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Thankfully, neither Greengrass nor Damon seem to care all that much. The wobbly subtext and melodramatic plotting are merely required elements that they know they need to include to return to the Bourne universe. The director’s real goal is to bring back his gritty n’ grounded physical approach to action in a blockbuster season defined by pixels punching other pixels in the face. On that level, he succeeds handily. The first big set piece comes on the streets of Athens, with Bourne riding a motorcycle through an unspecified inequality riot. Motlov Cocktails litter his path along with crumbling buildings and angry masked protesters. It’s an amazing bit of action choreography and stunt performing, the sort of sequence that most action movies might not be able to top, leading them to fatally peak early. Thankfully Greengrass and co. definitely save the best for last with an absolutely insane n’ high octane car pile up in Vegas that tops the similarly amazing automotive mayhem that he staged in his previous Bourne sequels. It’s like a credible Fast & Furious sequence, which shouldn’t be possible, and it also just might be the finest action set piece of the summer, with Greengrass’ patented shaky cam naturalism and edit-fart  intensity proving to be surprisingly subdued and easy to follow while making a visceral impact.
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So those amazing bits of derring do are the real reason to see Jason Bourne, and they make it more than worth the entry price. In between, Greengrass and an overqualified cast provide enough elevated backroom bureaucratic spy suspense to keep viewers on edge between fisticuffs. The legendarily grumpy and cratered face of Tommy Lee Jones makes him an ideal foil from a dying spy world, while Alicia Vikander sets herself up as an intriguing new CIA foil for future features. Vincent Cassel’s natural screen charisma gives a thankless stooge role so much more presence than it deserves, which  heightens the thrill of the big hunt sequences. Then Matt Damon grounds it all as best he can while also stepping up for any fight scene that requires his face. He’s always been a strong existential action figure lead for this series, and while his pained-memory faces are a bit much early on here, the guy still proves that he can go toe-to-toe with any action hero in this particular role.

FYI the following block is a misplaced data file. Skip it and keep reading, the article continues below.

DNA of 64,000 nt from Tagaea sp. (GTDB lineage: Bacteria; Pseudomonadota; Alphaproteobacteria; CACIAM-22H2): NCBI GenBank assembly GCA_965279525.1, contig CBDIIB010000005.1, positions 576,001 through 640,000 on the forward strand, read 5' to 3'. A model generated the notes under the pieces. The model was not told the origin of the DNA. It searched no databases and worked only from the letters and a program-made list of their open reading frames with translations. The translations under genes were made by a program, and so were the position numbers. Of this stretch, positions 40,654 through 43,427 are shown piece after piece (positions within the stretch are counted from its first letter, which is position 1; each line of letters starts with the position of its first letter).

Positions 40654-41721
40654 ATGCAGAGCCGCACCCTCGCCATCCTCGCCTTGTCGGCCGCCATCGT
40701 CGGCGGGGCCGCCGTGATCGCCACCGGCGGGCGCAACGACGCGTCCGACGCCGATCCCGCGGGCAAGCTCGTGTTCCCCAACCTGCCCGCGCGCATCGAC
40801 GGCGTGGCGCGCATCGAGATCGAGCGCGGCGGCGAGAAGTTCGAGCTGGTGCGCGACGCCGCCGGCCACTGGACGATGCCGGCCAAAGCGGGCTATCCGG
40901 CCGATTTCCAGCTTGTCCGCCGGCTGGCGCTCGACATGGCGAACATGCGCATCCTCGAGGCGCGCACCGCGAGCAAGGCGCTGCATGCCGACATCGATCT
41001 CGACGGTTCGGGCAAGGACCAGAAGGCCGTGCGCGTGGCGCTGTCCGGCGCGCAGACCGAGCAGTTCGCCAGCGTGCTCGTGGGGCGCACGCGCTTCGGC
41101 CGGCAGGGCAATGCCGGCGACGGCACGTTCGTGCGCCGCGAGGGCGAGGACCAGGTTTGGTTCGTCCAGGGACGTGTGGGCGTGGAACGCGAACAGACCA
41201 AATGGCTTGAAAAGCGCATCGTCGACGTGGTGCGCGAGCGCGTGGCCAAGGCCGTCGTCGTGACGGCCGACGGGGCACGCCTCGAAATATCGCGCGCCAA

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For those who enjoyed Jason Bourne’s three-film identity chase in during the Bush era, this long delayed five-quel (Yep, The Bourne Legacy counts even though you only just remembered its existence and this movie is kind enough to ignore it) is a nice piece of recent nostalgia. Sure, the way Greengrass shot his earlier Bourne sequels made such an impact on the genre that the new movie doesn’t quite feel as fresh or carry out the political threads quite as well this time. However, when the action hits its stride, this flick takes off and delivers easily the best pure physical action sequences of the summer. It’s fun; it’s smart; it’s fast-paced; it’s well made. What more could you want from a movie called Jason Bourne made almost a decade too late? Have some fun with this one. You won’t regret it.